By Buddy Early, May 2020 Issue.
As I am writing this, I have been quarantined in my apartment due to the Coronavirus pandemic for, oh, I guess about six months. Actually it’s been 13 days. Either way I’m going to need someone to tell me if I’ve lost weight or gained weight when we are done with this. I can’t tell.
Speaking of tangents, it’s impossible at this time to tell when we might be done with this, thanks to young people who think you can have as many as you want over to a house party as long as you know them. (Coronavirus only spreads amongst strangers, apparently.) If you ask me, “social distancing” is a phrase that was never specific enough, and it has led to people interpreting it in some peculiar ways. Words that should have been used instead were quarantine, isolation, and stay the fuck home.
One thing I know is that, despite not knowing when, we will get through this. But who knows what the world will be like when we emerge from quarantining, or even by the time you are reading these words. Maybe everything will be business as usual. Maybe we will be a better society. Maybe we surface into a world greater than anything we’ve ever known before? Perhaps, miraculously, we will have flying cars, pills that taste like an entire meal, and robots that perform sex acts. (“Alexa: give me a hand job.”) That would be cool, huh?
Or maybe we will have entered the apocalypse we’ve all been preparing for. Sure, I’ve watched too much of The Walking Dead and numerous end-of-the-world films — so many that I could give a Top 10 list — so my imagination runs wild at the slightest suggestion of “everything is different from now on.”
Maybe this column is the first of several that will serve to educate the next civilization about what life was like. Maybe it’s my charge to help them understand the former Earth. Maybe I’m the last chance we have to impart wisdom and knowledge to those who come after us.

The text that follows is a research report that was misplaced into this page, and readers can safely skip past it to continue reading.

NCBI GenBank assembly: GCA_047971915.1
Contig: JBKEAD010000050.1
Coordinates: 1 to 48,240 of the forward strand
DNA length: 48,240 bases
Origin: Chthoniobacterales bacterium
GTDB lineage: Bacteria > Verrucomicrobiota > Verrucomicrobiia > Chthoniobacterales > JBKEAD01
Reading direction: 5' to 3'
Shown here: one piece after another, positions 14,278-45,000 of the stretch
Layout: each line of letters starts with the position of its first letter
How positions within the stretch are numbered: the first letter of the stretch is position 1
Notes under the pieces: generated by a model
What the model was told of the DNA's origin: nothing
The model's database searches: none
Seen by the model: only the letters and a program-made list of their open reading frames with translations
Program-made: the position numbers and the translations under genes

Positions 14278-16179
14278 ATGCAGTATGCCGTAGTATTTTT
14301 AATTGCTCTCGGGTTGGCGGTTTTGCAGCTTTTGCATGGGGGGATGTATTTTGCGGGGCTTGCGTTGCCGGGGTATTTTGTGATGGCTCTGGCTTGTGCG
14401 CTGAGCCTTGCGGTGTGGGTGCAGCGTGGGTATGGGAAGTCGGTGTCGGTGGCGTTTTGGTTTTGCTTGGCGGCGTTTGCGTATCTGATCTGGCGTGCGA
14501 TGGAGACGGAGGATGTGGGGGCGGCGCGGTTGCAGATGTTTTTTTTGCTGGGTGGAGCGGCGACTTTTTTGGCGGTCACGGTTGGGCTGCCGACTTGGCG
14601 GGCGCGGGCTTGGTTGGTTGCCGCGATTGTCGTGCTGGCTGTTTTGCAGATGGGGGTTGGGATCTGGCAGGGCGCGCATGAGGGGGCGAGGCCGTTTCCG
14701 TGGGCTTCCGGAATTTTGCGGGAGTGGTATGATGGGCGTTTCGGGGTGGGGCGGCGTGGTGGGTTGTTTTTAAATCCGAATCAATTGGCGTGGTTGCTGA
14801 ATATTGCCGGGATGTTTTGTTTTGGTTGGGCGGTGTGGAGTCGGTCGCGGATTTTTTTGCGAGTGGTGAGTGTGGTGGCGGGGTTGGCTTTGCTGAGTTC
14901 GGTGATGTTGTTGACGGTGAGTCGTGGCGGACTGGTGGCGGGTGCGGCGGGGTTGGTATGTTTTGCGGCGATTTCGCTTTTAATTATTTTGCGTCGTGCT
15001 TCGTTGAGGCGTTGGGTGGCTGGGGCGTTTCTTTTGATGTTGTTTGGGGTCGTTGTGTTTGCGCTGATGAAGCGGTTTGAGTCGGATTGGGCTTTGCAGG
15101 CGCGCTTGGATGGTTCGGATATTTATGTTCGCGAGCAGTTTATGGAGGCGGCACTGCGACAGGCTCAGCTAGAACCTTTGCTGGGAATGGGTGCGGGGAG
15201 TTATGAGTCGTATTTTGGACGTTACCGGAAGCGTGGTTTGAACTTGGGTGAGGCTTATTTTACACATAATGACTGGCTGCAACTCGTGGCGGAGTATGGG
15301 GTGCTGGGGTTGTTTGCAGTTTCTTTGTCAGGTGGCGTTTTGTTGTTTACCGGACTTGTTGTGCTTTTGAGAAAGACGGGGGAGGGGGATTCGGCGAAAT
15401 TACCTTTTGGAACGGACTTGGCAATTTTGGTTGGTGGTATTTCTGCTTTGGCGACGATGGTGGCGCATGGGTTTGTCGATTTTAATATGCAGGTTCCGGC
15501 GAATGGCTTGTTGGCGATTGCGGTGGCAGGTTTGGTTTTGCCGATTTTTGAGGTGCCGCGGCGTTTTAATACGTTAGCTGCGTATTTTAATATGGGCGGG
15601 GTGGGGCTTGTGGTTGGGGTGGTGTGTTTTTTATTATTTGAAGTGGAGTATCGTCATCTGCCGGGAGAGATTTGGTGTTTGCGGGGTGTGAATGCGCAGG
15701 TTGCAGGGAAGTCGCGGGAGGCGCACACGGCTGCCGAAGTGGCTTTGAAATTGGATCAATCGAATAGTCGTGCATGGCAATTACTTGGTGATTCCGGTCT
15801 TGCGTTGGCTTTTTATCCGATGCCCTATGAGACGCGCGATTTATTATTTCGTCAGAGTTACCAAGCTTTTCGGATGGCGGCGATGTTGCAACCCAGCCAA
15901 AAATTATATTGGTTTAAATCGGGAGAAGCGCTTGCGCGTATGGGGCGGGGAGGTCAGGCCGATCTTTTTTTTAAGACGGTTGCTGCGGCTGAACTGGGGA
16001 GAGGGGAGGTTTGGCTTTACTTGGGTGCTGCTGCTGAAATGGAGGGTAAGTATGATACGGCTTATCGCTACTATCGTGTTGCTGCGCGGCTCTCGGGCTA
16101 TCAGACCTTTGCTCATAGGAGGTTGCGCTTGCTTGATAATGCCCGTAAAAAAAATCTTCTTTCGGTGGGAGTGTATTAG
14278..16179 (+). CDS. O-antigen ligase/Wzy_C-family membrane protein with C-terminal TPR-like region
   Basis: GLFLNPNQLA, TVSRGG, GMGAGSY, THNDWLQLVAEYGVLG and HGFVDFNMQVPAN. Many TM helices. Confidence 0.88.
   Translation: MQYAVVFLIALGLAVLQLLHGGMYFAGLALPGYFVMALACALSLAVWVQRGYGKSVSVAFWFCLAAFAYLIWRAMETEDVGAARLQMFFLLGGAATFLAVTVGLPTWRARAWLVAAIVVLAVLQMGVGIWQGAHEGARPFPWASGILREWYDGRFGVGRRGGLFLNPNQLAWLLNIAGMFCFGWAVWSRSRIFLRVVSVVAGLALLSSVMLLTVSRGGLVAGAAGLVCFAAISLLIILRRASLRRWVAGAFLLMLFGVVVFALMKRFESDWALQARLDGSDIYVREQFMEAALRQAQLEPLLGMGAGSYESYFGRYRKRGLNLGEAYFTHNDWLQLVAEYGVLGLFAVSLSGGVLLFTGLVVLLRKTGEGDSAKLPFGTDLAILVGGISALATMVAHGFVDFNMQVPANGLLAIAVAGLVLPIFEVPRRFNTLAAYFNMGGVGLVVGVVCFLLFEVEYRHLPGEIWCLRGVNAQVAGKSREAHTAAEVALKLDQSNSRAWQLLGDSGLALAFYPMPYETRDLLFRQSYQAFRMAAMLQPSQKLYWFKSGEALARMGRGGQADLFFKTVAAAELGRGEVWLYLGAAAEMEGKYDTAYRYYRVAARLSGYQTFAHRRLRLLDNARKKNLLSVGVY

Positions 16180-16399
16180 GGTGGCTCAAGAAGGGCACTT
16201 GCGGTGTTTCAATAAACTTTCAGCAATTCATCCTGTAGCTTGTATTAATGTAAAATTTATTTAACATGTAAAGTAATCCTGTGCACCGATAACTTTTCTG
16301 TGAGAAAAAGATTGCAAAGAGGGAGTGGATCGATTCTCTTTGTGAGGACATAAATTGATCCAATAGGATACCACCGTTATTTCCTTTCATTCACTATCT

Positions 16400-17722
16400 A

If that is the case then they are in big trouble. They’d be better off learning about B.C. (Before Corona) from Chrissy Teigen or maybe or one of those TV judges. They all seem pretty smart.
Nonetheless, if it is up to me, I suppose I’m not one to shirk my responsibilities. My words to the next civilization, however, would be brief. The list of things I will not tell them about is much longer than the list of things I will tell them:
I will not tell them about The Bible, or about religion at all.
I will not tell them about Capitalism, borders, or patriotism.
I will not tell them about how two men sitting upright in bed together on thirtysomething was a milestone, and how it led to countless advertisers pulling their commercials.
I will not tell them that Crash beat Brokeback Mountain and Munich in a Best Picture race.
I will not tell them about cancel culture, NASCAR, or podcasts.
Still, there are a few things I will tell them:
I will tell them about Law & Order, but not about Law & Order: Criminal Intent.
I will tell them about rediscovering Little Debbie products in the waning days of the pandemic.
So, if you’re keeping track: I will tell them about Law & Order and Little Debbies. Yep, that’s all.
But that’s all stinkin’ thinkin’ — as Al Franken would say. Maybe it’s the Little Debbies Zebra Cakes talking, but despite my imagination running amok I still choose to think we come out of this as a better society. Not just the same, but better.
I am hopeful that when things return to normal, they won’t be … well, normal. We will transform into a nation that is more kind, more patient, more selfless and understanding. We will achieve perspective and appreciate cultures, leading to less racism, sexism and homophobia. We will come to an agreement that people are worth more than $7.25 an hour and nobody needs, or deserves, a billion dollars. We will be ashamed that it took a crisis like this to accept that healthcare is a right, not a privilege.
This utopia sure seems like pie-in-the-sky given our B.C. point of view. But in A.C., maybe we get smart.